If Detroit's emergency manager feels a need to do penance, he must know talking into Charlie LeDuff's microphone is an essential stop.
So that's just what happened Wednesday in Kevyn Orr's latest "what my remark meant" interview explaining this statement: "“For a long time the city was dumb, lazy, happy and rich."
LeDuff: You told the Wall Street Journal we're fat, stupid, lazy. You want to explain?
Orr: That is an idiom or phrase I've used probably a thousand times in past . . . and it usually gets a laugh. So what I said was a long time ago, and I'm talking about the '20s and '30s, that's the time frame, I said the city was dumb, lazy and rich. It was the city. It's not the people.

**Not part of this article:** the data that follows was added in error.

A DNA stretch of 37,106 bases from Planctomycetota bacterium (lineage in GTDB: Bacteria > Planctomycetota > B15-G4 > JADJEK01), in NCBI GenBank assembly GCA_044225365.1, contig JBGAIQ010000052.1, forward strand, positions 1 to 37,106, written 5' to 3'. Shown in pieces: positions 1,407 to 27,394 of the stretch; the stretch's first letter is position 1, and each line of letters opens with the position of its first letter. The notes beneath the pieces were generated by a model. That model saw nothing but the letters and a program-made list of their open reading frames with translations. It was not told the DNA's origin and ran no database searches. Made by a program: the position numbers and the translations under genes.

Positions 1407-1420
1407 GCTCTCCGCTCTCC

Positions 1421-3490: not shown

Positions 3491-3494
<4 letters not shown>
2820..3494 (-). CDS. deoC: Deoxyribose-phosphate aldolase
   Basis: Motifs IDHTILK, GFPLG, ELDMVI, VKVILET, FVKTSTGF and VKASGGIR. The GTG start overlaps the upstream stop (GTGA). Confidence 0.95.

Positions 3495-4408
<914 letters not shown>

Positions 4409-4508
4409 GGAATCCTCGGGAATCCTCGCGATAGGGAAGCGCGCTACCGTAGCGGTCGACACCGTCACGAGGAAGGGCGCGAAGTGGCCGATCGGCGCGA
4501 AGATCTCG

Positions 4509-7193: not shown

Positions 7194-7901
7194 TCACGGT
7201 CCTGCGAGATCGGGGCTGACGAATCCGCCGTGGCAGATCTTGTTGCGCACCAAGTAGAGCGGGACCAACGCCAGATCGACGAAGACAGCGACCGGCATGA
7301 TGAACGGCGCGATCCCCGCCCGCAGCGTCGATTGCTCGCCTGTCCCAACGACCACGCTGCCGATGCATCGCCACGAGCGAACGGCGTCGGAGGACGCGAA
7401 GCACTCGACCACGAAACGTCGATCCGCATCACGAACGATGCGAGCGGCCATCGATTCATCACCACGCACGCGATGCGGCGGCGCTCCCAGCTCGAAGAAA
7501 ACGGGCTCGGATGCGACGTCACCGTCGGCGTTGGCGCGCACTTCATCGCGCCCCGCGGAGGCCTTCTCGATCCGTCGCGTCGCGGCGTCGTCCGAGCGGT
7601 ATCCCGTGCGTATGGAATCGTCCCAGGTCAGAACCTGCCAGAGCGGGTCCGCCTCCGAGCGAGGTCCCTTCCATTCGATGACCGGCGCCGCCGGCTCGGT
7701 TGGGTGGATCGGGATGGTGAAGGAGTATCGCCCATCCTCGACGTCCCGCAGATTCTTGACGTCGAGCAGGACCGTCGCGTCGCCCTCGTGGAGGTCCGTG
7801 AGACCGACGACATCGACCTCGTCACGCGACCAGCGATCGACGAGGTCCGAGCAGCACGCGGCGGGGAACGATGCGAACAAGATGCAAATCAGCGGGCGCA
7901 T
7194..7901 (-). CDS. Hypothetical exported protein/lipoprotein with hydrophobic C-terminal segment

In my 30 years of practicing, I've never insulted anyone. It's not my style. I don't call people names. I understand how people, if they think someone would say that about them, that's condescending. They'd be upset. But I never said that about anybody, and I wouldn't say that.
LeDuff: So if they took it that way, you're sorry about it?
Orr: It's not so much sorry because I don't think they should be taking it that way. It wasn't my intent, but I want everybody to be assured I don't talk of people that way.
LeDuff: What did you mean?
Orr: I just meant that a long time ago we were very flush, and we were very happy, and weren't paying attention. It's a phrase that's generally used to mean people are just happy where they are, and they're not paying attention to things down the road. . . . I could've used another allusion. I just used that phrase.